There will also be a flood of enrollees signing up for ACA-compliant coverage for the first time during the 2016 open enrollment period, since Colorado is ending grandmothered (transitional) plans at the end of this year.  About 75,000 people who have kept pre-2014 individual plans until now will have to enroll in ACA-compliant plans instead, significantly increasing the size of the pie for carriers vying for new business in Colorado’s individual market.

We’ll post another update once Colorado’s regulators have finished their review of rate filings for 2016.  But it’s reasonable to assume that Colorado HealthOP’s ultra low 2015 rates will no longer be available in 2016.  It’s also important to remember that this sort of shifting has always existed in robust insurance markets like we have here in Colorado.  Over the years, we’ve seen various carriers position themselves as the lowest-cost option for a year or two, and their market share grows during that time.  But then another carrier would introduce lower-priced plans, and become the go-to option for price-conscious consumers.  The ACA makes it easy to compare apples to apples when shopping for insurance, but market-driven pricing competition will continue to result in fluctuating market share and premiums.

What does this mean for enrollees?

Don’t forget to shop around during open enrollment!  Subsidies are tied to the second-lowest-cost silver plan in your area, so if a new plan takes over that spot or if the premium changes significantly, subsidies for everyone in the area will change (subsidies were lower in most places in Colorado in 2015 versus 2014, because the second lowest-cost plan was less expensive the second year).  Don’t assume that your current plan will continue to provide the best value in 2016.  Pay attention to the rate change notice you get from your insurer, and contact us if you want help comparing the other options available for 2016.  As always, there’s no charge to have a broker help you enroll.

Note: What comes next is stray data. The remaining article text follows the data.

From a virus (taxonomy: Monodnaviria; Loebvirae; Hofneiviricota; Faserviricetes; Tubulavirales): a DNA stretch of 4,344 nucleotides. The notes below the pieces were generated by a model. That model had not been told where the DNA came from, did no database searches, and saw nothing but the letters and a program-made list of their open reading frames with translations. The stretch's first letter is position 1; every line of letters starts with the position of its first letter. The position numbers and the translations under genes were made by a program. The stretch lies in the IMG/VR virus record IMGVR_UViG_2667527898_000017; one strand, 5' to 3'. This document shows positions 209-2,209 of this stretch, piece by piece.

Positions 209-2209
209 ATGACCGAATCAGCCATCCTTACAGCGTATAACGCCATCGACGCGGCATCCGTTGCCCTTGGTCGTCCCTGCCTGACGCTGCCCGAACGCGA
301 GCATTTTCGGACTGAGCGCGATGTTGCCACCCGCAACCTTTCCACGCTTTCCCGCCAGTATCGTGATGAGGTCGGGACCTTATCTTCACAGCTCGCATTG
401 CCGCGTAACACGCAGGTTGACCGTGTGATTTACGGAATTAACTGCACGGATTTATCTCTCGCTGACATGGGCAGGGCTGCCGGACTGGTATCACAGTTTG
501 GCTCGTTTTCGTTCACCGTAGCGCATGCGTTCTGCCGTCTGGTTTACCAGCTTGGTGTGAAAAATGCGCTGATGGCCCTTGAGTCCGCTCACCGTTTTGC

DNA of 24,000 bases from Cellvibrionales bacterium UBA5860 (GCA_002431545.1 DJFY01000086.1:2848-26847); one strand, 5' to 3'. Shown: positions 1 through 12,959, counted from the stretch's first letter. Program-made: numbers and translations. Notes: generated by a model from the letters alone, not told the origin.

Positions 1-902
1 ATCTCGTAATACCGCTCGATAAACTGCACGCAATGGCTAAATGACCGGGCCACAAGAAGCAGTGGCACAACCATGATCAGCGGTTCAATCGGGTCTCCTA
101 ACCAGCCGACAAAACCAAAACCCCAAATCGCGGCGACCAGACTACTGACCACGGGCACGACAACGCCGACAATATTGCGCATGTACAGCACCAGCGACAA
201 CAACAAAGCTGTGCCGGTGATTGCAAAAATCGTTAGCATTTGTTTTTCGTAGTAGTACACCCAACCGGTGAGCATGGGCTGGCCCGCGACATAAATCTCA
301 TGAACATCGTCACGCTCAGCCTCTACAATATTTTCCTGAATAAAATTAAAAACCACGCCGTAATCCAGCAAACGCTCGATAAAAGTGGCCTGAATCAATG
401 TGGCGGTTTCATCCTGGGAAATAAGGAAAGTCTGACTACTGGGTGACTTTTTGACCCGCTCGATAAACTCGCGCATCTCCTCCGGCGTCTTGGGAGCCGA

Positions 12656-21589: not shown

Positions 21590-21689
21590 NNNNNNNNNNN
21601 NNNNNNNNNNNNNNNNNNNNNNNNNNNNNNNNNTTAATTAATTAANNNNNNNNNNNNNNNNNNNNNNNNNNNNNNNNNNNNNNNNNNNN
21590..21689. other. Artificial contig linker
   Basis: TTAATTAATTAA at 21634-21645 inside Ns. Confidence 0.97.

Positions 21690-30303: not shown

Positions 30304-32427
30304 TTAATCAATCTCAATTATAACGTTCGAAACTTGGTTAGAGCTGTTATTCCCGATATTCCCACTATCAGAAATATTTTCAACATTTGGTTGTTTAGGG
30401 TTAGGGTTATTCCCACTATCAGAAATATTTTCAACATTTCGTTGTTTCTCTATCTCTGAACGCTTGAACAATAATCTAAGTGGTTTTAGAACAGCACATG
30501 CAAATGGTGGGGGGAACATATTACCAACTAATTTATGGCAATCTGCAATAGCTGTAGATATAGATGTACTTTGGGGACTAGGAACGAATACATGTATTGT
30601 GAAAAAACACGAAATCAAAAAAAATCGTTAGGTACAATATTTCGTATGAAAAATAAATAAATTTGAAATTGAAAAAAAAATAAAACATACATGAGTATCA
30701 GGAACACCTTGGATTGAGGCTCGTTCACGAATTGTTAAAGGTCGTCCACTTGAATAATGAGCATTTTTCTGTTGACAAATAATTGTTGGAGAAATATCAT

And one more thing… for two years in a row, Colorado has had a far higher percentage of enrollees selecting bronze plans compared with other states (scroll to the graphics at the bottom of that link).  If your household income doesn’t exceed 250% of the poverty level, keep in mind that the ACA also offers cost-sharing subsidies to reduce the amount you pay in deductibles, copays, and coinsurance – but only if you select a silver plan.  Bronze plans are the least expensive option, but they’re not usually the best option for lower-income enrollees, since they tend to come with significant deductibles.  So if you’re on a plan with a high deductible and finding that you can’t afford to use it, be sure to shop around during open enrollment.  And if your income doesn’t exceed 250% of the poverty level, pay particular attention to the silver plans.

About Louise Norris

Louise Norris has been writing about health insurance and healthcare reform since 2006. In addition to the Colorado Health Insurance Insider, she also writes for healthinsurance.org, medicareresources.org, Verywell, Spark by ADP, and Boost by ADP.

Comments

  1. What are your thoughts on the decision of BCBS of Texas to stop offering PPO plans for the individual market? I notice that Anthem doesn’t sell PPO plans on the Colorado exchange market, but lists them off=exchange on their website…

    Do you think PPO plans are an endangered species in Colorado (with Anthem or in general)?

    http://bizbeatblog.dallasnews.com/2015/07/bluecross-blueshield-of-texas-to-drop-individual-ppo-plans-in-2016.html/

    • Anthem BCBS of Colorado has stated that they plan on growing their PPO offerings. I imagine you’ll see PPOs offerings increase in the coming years, but they won’t be as big as they once were. It’s just a very dynamic market right now and much narrower networks, whether they’re PPO, EPO, HMO, are the new norm.